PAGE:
Brian O’Leary is far more eloquent than I will ever be.
But let’s not let that stop us, shall we?
Bernardo and I finished our re-watch of The Wire last night. Season 5, the journalism season, was the worst of the bunch. All that sentimentality over what makes a real journalist (and I imagine cops feel the same way about Simon’s constant invocation of “real police work”) just made me want to collar Clark Johnson and ask him, “Do you cringe when those words come out of your mouth?”
I came to this city with the intention of being a writer. Well, actually a Writer – one of the denizens of Elaine’s (which I was, for about a year); I was going to write for The New Yorker and Esquire, and publish incisive novels. I had nostalgia for that milieu before I was even a part of it, and I wanted desperately to be “a real writer”. And we are walloped by that sense in David Simon’s work – that anything that doesn’t conform to his notions of authenticity is less than “real,” and authenticity was more authentic In The Past. The Wire really is the best show that television has ever created. But it’s shot through with an unfortunate Holden Caulfield-ism, the fifth season more than any of the others – and I suspect that this indulgence on Simon’s part is because it’s the season about his industry.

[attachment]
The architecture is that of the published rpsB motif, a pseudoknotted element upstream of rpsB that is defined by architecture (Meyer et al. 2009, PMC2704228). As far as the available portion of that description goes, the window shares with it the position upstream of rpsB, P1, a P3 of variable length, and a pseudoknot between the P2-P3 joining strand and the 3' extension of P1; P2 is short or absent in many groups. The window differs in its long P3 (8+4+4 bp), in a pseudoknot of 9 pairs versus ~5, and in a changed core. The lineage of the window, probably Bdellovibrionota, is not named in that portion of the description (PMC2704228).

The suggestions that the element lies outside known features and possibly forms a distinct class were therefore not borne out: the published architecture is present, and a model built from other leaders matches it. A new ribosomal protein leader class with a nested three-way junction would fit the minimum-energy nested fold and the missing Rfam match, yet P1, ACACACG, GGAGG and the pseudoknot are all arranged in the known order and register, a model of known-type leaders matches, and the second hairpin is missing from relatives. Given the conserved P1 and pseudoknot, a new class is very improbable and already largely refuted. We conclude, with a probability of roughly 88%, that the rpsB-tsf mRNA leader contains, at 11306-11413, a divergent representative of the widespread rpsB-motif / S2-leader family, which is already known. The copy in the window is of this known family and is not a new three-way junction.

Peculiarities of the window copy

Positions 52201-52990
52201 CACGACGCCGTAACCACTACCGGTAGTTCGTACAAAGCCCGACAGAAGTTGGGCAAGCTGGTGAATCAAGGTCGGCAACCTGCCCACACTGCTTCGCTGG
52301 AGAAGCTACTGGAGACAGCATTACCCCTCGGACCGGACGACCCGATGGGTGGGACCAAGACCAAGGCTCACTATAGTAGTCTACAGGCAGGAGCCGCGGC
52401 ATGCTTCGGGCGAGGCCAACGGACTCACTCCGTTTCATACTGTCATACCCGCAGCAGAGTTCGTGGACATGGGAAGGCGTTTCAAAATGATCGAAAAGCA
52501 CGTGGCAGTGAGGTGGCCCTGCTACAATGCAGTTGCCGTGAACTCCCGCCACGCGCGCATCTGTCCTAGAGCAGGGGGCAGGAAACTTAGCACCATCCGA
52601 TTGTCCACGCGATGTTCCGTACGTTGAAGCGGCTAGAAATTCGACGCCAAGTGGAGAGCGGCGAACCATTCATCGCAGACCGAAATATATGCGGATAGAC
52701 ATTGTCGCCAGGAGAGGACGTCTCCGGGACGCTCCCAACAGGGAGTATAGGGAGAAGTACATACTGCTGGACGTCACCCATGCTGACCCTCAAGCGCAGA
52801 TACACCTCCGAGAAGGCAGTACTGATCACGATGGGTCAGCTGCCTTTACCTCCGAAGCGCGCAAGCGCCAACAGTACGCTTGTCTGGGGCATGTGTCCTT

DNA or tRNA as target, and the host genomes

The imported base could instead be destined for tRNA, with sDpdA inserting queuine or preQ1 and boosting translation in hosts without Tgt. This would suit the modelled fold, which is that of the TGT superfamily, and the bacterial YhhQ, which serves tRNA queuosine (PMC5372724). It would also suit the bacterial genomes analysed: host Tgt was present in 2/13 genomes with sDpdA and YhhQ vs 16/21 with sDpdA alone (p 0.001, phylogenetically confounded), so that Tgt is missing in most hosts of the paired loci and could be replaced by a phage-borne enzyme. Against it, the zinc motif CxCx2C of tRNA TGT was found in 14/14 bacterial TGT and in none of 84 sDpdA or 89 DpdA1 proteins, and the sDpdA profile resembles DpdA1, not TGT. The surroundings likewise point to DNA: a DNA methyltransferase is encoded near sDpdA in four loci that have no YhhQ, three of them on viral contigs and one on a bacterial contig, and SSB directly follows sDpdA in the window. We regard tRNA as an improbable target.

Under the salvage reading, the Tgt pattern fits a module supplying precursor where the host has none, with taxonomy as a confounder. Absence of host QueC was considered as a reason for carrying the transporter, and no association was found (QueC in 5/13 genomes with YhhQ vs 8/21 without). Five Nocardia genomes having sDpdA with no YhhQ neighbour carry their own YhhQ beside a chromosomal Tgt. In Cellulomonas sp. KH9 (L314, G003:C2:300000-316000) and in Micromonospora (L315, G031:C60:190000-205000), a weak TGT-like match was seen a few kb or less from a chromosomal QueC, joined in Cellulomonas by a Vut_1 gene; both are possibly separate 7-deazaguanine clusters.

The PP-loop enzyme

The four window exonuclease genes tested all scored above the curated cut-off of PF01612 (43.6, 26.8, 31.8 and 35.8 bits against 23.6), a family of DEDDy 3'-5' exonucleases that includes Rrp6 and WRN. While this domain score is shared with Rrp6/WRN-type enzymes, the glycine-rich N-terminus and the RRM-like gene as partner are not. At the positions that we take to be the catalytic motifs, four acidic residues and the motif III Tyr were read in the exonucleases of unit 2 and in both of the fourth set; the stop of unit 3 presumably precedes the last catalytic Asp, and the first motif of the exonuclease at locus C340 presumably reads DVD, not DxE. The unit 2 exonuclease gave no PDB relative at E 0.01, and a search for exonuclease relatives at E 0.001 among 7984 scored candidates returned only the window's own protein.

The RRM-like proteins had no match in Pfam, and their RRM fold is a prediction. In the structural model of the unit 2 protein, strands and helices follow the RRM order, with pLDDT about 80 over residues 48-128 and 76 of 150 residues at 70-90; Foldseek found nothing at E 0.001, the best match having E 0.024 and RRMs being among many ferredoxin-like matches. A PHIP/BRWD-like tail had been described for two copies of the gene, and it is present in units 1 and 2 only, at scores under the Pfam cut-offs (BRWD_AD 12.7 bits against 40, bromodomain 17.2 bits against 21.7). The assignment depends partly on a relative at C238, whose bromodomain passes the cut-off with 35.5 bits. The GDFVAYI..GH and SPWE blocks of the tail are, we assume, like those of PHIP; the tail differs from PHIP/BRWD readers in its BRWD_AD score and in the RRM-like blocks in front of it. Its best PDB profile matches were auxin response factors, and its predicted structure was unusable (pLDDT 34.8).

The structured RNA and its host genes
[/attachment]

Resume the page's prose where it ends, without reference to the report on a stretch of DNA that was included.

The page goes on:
I got the shit kicked out of my faux nostalgia – by the need to earn a living, by the Internet, by my own passions which evolved over the years. I saw, as the book business morphed (and is still morphing) that there is no one single authenticity. The way we do things now is just as “real”, just as authentic, as the way we did them 30 or a hundred or five hundred years ago.
Yes, writers should be compensated for their talents. So should musicians, filmmakers, and painters. So should designers and creators of any sort. But that compensation can come from anywhere. It does not have to be transactional art – “I create, you pay”. There are many models – public art, patronized/sponsored art, subscription art (such as HBO). Simon’s argument is simplistic, and borne of the privilege of someone who has not needed to extend himself beyond that era where he felt most at home.